The Times is has in-depth interview with Colin Hegarty, the maths teacher who was this week shortlisted for a $1 million international teaching prize.
The paper describes how Mr Hegarty first got into creating his maths videos when a student was missing classes to look after a terminally ill parent and didn’t want to miss out. From there he created a YouTube channel and encouraged his class to watch the videos in their own time before using what they had learnt in class.
He is quoted:
“The whole class would come in every day, all their notes done, and we’d do maths straight away. I’d start the lesson saying, ‘Anything in that video I made a mistake on or you didn’t get? Alright. Go for it’.”
The paper says these students went on to get the best maths exam results in the school’s history and the videos went viral, now being watched by 5,000 children a day in more than 200 countries.
Colin Hegarty goes on to express frustration with attitudes towards maths in this country and says:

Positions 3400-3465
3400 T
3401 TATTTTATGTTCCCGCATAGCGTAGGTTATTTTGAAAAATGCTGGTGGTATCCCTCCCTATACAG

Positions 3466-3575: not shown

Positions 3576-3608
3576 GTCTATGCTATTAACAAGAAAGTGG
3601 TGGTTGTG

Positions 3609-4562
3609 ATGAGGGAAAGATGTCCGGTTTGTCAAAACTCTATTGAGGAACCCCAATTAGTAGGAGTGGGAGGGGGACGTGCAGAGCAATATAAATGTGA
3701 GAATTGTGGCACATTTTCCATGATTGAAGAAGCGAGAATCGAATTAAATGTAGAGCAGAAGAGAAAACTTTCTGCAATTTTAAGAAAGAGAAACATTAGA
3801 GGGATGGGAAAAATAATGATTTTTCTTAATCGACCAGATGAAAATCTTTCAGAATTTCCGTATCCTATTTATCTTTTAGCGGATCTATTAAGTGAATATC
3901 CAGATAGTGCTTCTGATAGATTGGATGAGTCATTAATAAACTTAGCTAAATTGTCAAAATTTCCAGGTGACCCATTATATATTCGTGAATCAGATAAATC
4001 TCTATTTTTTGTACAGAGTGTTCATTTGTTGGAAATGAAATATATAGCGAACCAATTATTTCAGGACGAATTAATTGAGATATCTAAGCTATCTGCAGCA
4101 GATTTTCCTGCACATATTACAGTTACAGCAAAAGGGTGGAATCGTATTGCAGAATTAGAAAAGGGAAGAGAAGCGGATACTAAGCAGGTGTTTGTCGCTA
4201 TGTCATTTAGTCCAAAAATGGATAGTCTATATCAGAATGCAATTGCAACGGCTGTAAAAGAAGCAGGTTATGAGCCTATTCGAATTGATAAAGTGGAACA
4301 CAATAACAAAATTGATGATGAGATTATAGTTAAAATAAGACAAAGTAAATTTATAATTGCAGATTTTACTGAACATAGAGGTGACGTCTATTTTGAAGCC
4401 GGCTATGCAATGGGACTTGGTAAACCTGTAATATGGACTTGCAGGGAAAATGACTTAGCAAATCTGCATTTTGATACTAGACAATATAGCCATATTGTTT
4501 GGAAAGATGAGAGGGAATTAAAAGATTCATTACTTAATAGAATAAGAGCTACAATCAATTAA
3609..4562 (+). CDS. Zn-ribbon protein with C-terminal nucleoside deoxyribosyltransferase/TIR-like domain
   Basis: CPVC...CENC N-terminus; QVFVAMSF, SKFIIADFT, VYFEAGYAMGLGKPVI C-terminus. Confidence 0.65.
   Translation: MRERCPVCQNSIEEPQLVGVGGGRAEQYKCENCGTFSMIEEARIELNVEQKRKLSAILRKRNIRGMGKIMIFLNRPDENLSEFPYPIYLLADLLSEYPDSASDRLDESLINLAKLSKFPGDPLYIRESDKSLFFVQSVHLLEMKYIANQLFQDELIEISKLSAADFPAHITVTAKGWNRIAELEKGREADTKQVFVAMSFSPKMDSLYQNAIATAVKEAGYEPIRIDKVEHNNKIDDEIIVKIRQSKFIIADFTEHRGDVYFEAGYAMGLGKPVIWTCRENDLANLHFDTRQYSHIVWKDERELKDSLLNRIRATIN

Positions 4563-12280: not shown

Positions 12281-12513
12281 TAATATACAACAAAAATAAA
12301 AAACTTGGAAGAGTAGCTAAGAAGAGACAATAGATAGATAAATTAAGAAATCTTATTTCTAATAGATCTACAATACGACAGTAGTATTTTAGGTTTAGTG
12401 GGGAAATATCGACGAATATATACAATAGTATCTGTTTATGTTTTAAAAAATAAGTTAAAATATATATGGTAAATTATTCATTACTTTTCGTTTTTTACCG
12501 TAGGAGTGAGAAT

“We can’t be bad at maths because we’re a very innovative nation and we’re extremely good at technology and finance. The problem is that we’re telling ourselves the story that we’re bad at maths.”
Heagarty himself switched into teaching after an earlier career in accountancy and a degree at Oxford (he was the first in his family to go to university).
He has much to say on the importance of maths and the issues faced in teaching it, and is further quoted:
“If you read about successful people, they talk about two things: work ethic and how they deal with failure. And a lot of them look at failure as an opportunity to learn something. So if, instead of giving up and saying, ‘The reason I got it wrong is because of me, because I can’t do maths’, you say, ‘Well, I failed but it’s fine. How can I stop that from happening again?’ you stop the vicious cycle. You’re never bad at maths until the moment you’ve stopped trying.”
More at: Colin Hegarty: ‘You are never bad at maths until the moment you give up trying’ (subscription may be required)
Update: Alternatively, in the Guardian: Meet the internet maths guru who could become the next million-dollar teacher
Just a few snippets from a really interesting interview that’s well worth reading in full if you have access to the Times.
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